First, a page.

Our epigenetics researchers aim to unravel how epigenetic changes influence healthy and diseased cells, with a goal of better treatments for diseases.

Epigenetics explains how cells are able to use different parts of their DNA at different times. Epigenetic modifications made to our DNA underpin many important processes in our bodies, and can be corrupted in disease.

Our epigenetics researchers aim to unravel how epigenetic changes influence healthy and diseased cells, with a goal of better treatments for diseases.

Our epigenetics research

Our research in the field of epigenetics aims to:

  • Discover new proteins that either package or epigenetically modify our DNA.
  • Reveal how epigenetic changes control the development and function of different cell types in health and disease.
  • Develop new strategies that treat disease by altering the epigenetic control of genes.

What is epigenetics?

Epigenetics examines how our body manages to create all of our different cell types – such as white blood cells, muscle cells and skin cells – from the same genetic code. It studies how chemical changes, called ‘epigenetic modifications’ switch genes on or off.

Our genome, made of DNA, contains the instructions for how our cells behave. Different cells in our body function in distinct ways because of variations in the proteins made by each cell. The proteins are produced under instruction from genes. Switching different genes on or off affects which particular proteins are produced. For example, red blood cells produce haemoglobin to transport oxygen, whereas skin cells make elastin to keep our skin elastic.

DNA consists of four ‘letters’ called bases. It is the sequence of bases that makes the instructions within genes. Changes in the order of the bases changes the proteins that are produced.

Epigenetic modifications are chemical changes to DNA and to certain proteins, called histones, that DNA wraps around. The DNA and histones together are called ‘chromatin’.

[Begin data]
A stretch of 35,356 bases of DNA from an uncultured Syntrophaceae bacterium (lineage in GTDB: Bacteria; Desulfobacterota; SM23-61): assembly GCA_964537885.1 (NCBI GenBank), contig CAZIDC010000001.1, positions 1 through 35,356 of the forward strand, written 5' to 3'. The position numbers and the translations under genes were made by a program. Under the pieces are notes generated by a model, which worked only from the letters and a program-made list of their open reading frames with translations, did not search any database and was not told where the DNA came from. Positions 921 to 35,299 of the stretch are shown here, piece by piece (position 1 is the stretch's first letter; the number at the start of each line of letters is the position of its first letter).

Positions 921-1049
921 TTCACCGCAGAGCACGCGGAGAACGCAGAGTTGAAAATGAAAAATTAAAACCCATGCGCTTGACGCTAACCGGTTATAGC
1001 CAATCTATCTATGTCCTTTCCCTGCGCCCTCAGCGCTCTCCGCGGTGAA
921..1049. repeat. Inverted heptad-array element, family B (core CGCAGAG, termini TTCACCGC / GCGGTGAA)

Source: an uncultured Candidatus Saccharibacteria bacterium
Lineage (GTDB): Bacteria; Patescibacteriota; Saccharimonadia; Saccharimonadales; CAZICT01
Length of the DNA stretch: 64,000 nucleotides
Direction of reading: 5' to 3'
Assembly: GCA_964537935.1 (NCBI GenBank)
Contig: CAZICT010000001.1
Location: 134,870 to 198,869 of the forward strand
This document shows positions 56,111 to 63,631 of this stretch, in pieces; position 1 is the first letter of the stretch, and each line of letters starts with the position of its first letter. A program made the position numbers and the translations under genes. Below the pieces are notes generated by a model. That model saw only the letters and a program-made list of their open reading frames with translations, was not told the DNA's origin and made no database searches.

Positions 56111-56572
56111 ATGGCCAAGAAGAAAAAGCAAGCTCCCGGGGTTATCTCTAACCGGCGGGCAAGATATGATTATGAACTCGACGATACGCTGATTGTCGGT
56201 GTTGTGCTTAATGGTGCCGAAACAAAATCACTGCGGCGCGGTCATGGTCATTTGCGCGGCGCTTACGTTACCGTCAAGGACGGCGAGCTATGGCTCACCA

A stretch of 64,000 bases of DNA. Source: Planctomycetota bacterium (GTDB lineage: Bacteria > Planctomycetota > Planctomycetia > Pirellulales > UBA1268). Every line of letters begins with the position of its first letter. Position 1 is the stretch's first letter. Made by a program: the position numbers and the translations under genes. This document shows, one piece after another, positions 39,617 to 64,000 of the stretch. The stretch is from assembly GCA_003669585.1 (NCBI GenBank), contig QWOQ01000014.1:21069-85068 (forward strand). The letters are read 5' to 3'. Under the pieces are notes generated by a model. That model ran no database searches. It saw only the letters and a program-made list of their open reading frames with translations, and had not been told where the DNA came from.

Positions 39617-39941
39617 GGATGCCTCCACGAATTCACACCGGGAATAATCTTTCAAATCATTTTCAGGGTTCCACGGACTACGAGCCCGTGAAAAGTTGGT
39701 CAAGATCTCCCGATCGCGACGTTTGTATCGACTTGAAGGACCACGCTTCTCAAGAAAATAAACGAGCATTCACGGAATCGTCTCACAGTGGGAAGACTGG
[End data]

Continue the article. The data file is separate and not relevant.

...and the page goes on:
Chemical changes influence whether the chromatin is:

  • ‘Open’ or packed loosely, allowing genes to be active, or
  • ‘Closed’ or packed tightly, inactivating the genes.

Epigenetic modifications are reversible: a cell can switch off a gene at one point in time, and switch it back on later. The trigger to open or close a particular section of DNA can be:

  • An external signal received by the cell, such as a hormone binding to a receptor, or a change in a nutrient.
  • An internal change in the cell, such as the cell preparing to divide.

When a cell divides, the ‘parent’ cell’s epigenetic state can be maintained in the daughter cells. This means that a trigger at one point in time can influence how a cell behaves at a later time. It also means that when a certain type of cell divides it produces another cell of the same type. Thus, a liver cell divides into two liver cells, not into any other type of cell.

The environment can also influence epigenetic modifications. In particular, it appears that changes to a mother’s diet are experienced by the developing foetus, and can influence how epigenetic modifications are established during development in the womb. This can influence the disease sensitivities of the person into adulthood.

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